Taking Back California – Part Six: The Party of the Future

California is in play. Only a small minority of Californians are immune to the failures of the one-party state. Everyone else is its victim. A great awakening is upon us. The popular theory among progressive liberals, repeated as if it were beyond debate, claims that “demographics is destiny.” This theory supposes that as nonwhite voters inevitably come to dominate the electorate, it will guarantee perpetual one-party rule.

This is a myth. Liberal white elites, indeed a demographically endangered species, control California today but have no future. Based on K-12 enrollment and extrapolating current voter registration statistics ahead just one generation, non-Hispanic whites will diminish from 48 percent of California’s registered Democrats to just 16 percent. In a state where public schools are failing, crime and homelessness are visibly out of control, hamburgers cost $20, and modest homes with zero lot lines cost over $1 million, can California’s dwindling population of elite white liberals take anything for granted? Demographics are going to work against Democrats in the coming years.

White liberals made this mess. All conservatives have to do is explain how they’re going to clean it up. And their focus must be on three things: lowering the cost of living, controlling crime, and restoring quality education. Lowering the cost of living is the only solution that benefits everyone equally and can only be done by deregulating businesses and fostering competition in every economic sector. And that competition must begin with deregulation to stimulate investment in practical solutions to produce more water and more energy.

To have any hope of implementing a practical, competitive, all-of-the-above approach to water and energy policy in California, Republicans have to confront the environmentalist lobby. As it stands today under one-party rule, the environmentalist position—baked into public policy through legislation, zealous regulatory interpretations of legislation, and court precedents spawned by relentless environmentalist lawfare—there is nothing, apart from more conservation, that is considered acceptable.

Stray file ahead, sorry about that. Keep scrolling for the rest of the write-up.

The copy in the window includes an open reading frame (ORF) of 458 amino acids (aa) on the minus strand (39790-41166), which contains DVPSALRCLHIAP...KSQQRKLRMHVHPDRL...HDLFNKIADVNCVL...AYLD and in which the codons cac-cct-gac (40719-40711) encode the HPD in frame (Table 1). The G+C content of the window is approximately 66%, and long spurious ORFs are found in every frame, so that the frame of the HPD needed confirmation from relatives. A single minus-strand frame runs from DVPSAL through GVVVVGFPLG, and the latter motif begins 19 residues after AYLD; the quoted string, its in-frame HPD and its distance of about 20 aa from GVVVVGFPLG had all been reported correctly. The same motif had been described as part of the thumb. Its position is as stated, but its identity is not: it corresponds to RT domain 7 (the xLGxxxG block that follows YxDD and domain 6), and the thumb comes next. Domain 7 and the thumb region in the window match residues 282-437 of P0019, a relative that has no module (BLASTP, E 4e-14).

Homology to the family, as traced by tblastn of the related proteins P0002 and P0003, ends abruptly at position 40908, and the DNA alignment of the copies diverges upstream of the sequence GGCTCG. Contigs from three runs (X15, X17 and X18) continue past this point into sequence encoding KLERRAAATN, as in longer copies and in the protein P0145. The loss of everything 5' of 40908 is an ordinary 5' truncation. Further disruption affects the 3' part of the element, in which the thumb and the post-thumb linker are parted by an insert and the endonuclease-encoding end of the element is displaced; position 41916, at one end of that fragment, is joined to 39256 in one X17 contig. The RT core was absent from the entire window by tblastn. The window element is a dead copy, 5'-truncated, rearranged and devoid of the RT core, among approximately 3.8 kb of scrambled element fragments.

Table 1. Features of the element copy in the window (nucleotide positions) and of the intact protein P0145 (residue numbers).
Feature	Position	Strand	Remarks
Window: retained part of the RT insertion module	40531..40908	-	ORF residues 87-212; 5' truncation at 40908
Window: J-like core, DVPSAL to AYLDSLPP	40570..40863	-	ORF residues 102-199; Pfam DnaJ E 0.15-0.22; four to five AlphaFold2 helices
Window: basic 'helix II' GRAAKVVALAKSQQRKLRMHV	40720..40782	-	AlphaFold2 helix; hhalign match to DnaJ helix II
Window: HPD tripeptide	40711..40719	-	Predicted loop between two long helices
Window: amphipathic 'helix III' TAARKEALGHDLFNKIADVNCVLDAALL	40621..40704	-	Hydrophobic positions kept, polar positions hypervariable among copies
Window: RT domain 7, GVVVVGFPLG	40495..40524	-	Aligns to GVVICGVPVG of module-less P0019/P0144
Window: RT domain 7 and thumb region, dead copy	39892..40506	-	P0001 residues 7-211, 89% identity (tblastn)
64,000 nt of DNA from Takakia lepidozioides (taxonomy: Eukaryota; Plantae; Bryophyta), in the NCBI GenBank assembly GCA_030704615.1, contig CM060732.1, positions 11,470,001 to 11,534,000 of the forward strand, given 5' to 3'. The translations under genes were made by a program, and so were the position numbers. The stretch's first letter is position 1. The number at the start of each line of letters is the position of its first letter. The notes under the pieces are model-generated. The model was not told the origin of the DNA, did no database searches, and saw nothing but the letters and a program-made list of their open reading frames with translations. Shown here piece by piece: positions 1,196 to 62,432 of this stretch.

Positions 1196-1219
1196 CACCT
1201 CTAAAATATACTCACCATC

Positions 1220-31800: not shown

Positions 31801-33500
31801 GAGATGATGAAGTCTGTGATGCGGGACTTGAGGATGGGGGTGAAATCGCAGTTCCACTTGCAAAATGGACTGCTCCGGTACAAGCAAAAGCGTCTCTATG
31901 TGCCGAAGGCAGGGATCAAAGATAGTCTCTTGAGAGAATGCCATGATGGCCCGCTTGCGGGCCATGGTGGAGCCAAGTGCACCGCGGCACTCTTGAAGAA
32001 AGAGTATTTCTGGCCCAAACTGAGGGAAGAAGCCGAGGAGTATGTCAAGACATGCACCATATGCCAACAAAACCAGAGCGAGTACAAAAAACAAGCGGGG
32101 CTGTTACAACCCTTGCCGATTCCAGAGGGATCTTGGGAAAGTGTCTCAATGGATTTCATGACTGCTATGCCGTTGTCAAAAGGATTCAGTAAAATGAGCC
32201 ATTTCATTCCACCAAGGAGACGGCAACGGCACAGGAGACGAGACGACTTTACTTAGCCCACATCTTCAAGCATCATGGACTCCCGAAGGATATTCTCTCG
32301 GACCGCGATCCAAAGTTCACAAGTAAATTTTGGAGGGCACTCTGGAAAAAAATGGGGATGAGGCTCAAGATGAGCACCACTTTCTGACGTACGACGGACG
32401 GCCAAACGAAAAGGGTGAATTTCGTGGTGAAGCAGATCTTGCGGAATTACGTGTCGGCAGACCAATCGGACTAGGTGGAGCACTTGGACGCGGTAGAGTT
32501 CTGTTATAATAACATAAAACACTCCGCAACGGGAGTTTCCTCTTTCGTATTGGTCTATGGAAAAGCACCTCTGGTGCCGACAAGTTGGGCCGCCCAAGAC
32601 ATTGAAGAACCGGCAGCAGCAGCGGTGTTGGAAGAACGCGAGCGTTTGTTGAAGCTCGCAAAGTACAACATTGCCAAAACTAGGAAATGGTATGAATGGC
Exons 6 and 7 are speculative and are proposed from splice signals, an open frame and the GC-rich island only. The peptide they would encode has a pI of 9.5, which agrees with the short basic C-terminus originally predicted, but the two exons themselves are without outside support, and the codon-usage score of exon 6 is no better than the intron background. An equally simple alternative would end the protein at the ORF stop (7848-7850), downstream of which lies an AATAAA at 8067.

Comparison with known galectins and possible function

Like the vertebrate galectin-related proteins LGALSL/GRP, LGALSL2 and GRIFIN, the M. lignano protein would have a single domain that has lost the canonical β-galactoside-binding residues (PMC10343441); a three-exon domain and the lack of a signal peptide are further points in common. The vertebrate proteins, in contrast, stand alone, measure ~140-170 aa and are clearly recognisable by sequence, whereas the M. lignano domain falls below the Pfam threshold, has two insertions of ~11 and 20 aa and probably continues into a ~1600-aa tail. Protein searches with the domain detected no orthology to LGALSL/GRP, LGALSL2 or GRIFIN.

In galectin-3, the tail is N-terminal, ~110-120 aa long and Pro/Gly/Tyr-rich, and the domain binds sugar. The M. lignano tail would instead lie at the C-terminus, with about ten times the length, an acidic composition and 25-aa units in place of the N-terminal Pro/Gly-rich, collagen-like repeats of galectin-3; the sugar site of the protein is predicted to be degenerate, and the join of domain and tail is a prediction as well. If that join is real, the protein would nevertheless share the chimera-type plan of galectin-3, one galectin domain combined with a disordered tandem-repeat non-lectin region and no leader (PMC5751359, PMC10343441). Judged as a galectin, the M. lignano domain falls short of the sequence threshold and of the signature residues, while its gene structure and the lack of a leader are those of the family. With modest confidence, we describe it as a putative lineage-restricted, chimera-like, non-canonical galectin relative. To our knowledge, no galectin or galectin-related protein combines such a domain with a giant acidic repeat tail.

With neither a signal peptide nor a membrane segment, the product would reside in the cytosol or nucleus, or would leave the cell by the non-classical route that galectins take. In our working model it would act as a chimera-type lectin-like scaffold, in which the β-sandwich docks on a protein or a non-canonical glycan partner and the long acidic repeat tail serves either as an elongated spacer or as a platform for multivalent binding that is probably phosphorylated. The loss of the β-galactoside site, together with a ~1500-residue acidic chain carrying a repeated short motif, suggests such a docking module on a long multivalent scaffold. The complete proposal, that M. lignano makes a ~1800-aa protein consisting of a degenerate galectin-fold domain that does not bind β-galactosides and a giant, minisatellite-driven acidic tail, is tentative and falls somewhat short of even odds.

This bias is clearly seen with the prevailing water policies in California. Surface storage is unacceptable. Desalination is unacceptable. Additional diversions from the Sacramento-San Joaquin Delta are unacceptable. Wastewater recycling and runoff harvesting are tolerated but nonetheless burdened with excessive standards and environmentalist micromanagement that risk making them cost prohibitive and fatally delayed. Water rationing is already reality in California, and every year the restrictions get worse.

These same obstacles extend to everything productive in California that might lower the cost of living. Practical energy solutions are forbidden. Ultra-clean natural gas, ultra-efficient gasoline/battery hybrid cars, nuclear energy, and more hydropower are all unacceptable. And then essentially destructive, unsustainable resource hogs, such as wind power and battery farms, while acceptable, are also subject to litigation and delays—probably just as well—but meanwhile, we face a future of energy rationing in California.

The scarcity lobby impacts everything. California’s timber industry harvested over 6 billion board feet per year as recently as the 1990s, but now, thanks to persistent environmentalist-inspired overregulation and litigation, the harvest is down to only 1.5 billion board feet, 25 percent of what it was only 30 years ago.

California’s housing shortage is almost exclusively a product of environmentalist regulations, particularly the restrictions on building new homes on open land, but also a product of excessive building codes that increase construction costs, along with excessive costs for building materials such as lumber that are also the result of environmentalist-inspired laws and regulations.

California is a state rich in natural resources. We have it all here. Oil, gas, timber, water, sun, minerals, and an innovative culture. Up until the 1990s, California was a state where working families could afford to buy a home and pay their utility bills. Those days are gone because of political choices, and those choices were primarily driven by environmentalist excess.

Nobody wants to go back to the days of leaded gas and vanishing wildlife. But the tradeoff between the needs of people and the needs of the environment has now swung decisively in an extreme direction. In some cases—offshore wind energy being a prime example—environmentalist-inspired projects are probably harming the environment more than they are helping.